A 1926 Laclede County history book by Leo Nyberg has a photo of Richard Southard in the Confederate veterans section with the following text:

Richard T. Southard, near Southard, served in Company E, Tenth Missouri Infantry, Parsons Brigade, of Price’s army.  He saw service mostly in Arkansas. He was captured at the end of twenty-two months and was paroled after taking the oath of allegiance.[8]

Company E of the Tenth Missouri was formed in Maries County and as the map shows, most of the battles were in southern Missouri and Northern Arkansas.[9]

Richard has muster cards (basically attendance records) and was paid by the Confederate Army from June 1861 through December 1862, when the record ends.  His service cards do show that Richard was transferred to the 2nd Kentucky, with no additional information about his service there.  Fold3 has linked Richard Southard’s file with “Richard Southern”, who enlisted July 16, 1861, at Camp Boone, TN for 3 years.  But the record clearly states that Southern was killed in Dallas, GA on 28 May 1864 and thus it is impossible for him to be Richard Tolliver Southard of Maries and Laclede County, Missouri.[10]

Family lore states that Richard joined the Union, was captured, and made to swear an oath and switch sides. He served as a government teamster in the deep South. He was captured again, this time by Union forces and was released after taking the oath. He was later refused a pension, having been labeled as a deserter.[11]  Records, thus far do not support this, although more research is needed.

On December 20, 1866, at age 22 Richard married Margaret Louramey Hart in Phelps Co., Missouri. Margaret was born on February 8, 1848, in Maries County, Missouri to Dennis and Rebecca Jane (Moreland) Hart.  The couple resided in Maries County until 1874 near his uncle Edward Southard’s residence. During this time, Richard and Margaret had four children, only to bury three of them within a year. The children were interred in Rock Spring Cemetery near the future resting place of their uncle. Attempting to leave the pain behind, the family of three relocated to Saint Clair County, Missouri in about 1875. Over the next thirteen years, Margaret would give birth to another eight children; the last three of whom were triplets, two of whom lived for only a short time.[12]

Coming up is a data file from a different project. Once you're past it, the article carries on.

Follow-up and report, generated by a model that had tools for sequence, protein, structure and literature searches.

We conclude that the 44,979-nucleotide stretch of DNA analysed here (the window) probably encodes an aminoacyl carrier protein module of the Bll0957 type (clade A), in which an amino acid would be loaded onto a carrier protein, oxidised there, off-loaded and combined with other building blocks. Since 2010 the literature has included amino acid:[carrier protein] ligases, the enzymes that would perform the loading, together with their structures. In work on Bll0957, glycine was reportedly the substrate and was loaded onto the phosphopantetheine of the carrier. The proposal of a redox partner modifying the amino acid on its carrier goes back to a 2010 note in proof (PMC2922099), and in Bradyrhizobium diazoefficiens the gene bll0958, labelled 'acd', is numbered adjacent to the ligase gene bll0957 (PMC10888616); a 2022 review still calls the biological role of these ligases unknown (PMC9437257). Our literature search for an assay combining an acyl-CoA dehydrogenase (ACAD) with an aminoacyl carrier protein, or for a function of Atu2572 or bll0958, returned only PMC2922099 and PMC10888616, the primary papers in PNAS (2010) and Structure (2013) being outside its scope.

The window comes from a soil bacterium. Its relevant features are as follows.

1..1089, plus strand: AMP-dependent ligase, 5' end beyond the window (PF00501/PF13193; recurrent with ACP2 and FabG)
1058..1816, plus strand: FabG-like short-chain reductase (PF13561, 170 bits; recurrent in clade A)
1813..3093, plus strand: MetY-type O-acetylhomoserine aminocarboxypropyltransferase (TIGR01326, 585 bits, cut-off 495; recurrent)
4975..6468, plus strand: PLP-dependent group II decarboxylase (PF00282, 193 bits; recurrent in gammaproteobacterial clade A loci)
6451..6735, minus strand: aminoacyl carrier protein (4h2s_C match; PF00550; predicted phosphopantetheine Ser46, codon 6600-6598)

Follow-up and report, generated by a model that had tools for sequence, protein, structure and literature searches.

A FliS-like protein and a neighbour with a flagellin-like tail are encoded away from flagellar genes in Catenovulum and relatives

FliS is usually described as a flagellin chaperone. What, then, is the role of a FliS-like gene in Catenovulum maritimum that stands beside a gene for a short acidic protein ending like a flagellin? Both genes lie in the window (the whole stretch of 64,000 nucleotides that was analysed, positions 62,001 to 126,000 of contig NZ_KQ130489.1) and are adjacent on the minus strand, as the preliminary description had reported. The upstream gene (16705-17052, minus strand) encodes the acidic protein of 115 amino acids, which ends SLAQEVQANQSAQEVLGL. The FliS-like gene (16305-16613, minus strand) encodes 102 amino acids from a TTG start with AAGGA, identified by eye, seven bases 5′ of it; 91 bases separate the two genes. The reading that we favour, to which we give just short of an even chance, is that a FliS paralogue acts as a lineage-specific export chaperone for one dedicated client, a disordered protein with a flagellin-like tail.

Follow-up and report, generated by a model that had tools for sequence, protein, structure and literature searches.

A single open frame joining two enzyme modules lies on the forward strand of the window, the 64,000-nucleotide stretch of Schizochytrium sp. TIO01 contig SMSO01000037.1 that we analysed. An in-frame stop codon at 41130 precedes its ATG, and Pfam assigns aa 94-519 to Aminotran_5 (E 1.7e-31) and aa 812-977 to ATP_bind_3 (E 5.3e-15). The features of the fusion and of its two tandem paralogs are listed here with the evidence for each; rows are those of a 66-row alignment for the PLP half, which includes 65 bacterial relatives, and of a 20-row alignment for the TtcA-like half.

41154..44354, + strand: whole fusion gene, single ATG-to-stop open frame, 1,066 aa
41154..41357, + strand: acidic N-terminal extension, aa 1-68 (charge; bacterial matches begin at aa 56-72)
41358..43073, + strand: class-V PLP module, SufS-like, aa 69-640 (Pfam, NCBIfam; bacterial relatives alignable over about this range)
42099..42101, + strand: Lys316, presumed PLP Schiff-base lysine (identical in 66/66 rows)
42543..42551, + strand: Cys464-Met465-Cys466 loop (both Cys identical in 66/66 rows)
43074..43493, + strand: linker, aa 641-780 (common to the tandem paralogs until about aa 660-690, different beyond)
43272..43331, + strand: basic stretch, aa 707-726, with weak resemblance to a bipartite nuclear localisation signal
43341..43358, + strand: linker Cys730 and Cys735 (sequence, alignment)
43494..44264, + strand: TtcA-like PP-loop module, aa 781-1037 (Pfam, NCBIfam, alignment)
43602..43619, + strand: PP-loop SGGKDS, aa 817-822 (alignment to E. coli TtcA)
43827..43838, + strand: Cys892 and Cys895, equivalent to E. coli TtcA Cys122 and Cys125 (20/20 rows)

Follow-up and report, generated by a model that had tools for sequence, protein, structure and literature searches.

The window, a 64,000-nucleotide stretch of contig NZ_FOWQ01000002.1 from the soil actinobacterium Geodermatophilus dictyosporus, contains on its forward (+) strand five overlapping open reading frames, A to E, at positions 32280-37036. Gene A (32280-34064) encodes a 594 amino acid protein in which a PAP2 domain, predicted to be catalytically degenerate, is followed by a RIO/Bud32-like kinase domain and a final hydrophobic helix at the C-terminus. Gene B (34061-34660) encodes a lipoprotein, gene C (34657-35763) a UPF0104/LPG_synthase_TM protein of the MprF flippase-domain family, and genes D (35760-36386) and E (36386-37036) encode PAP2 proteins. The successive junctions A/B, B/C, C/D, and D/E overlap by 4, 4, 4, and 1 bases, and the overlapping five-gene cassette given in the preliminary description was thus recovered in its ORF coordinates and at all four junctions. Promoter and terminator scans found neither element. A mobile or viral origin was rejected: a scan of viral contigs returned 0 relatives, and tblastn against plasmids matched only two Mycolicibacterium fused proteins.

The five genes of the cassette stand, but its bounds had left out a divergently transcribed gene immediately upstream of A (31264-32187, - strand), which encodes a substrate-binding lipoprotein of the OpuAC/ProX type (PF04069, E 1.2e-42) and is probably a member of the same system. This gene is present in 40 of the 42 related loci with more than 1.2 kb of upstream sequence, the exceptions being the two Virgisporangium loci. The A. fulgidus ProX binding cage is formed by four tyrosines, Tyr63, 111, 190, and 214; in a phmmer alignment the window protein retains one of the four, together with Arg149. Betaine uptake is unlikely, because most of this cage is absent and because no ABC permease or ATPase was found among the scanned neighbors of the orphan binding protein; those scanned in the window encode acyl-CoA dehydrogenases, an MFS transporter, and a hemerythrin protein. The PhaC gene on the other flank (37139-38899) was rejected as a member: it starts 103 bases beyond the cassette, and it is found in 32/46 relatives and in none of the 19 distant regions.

Left to right: Richard T. Southard, John Avery, Lydia Jane, Margaret, Otis Franklin, Thomas Albert, Fred Oscar, James Edward, possibly Margaret’s father Dennis Hart ca. 1888, St. Clair County, MO.

In all, the Southards would have thirteen children:

  1. Permelia Livaney, 1869-1874
  2. William Charlie, 1871-1873
  3. Rosetta, 1874-1874
  4. Darius Tolliver, 1875-1946
  5. John Avery, 1877-1945
  6. Lydia Jane, 1878-1945
  7. James Edward, 1880-1937
  8. Fred Oscar, 1883-1926
  9. Thomas Albert, 1885-1888
  10. Otis Franklin, 1887-1935 (surviving triplet)
  11. Unnamed 1887 (triplet)
  12. Unnamed 1887 (trplet)
  13. Unnamed (date unknown)

Margaret’s brother, James K. Polk Hart married Richard’s sister Lydia Louvenia in 1874, but Lydia would die (likely in childbirth) only three years later at age twenty-six years and twenty-two days. Richard would outlive his parents and sister by many decades.  The little Southard-Spencer family that began in Maries County did not have much of an opportunity to thrive together.  While Richard and his half-brother, WT Spencer lived roughly in the same area in Laclede County from the late 1890s, there is not much proof they stayed in touch, although Reverend William T. Spencer would perform the wedding ceremony of Richard’s daughter Lydia when she married Love Carter.[13] Richard would outlive WT by another two decades.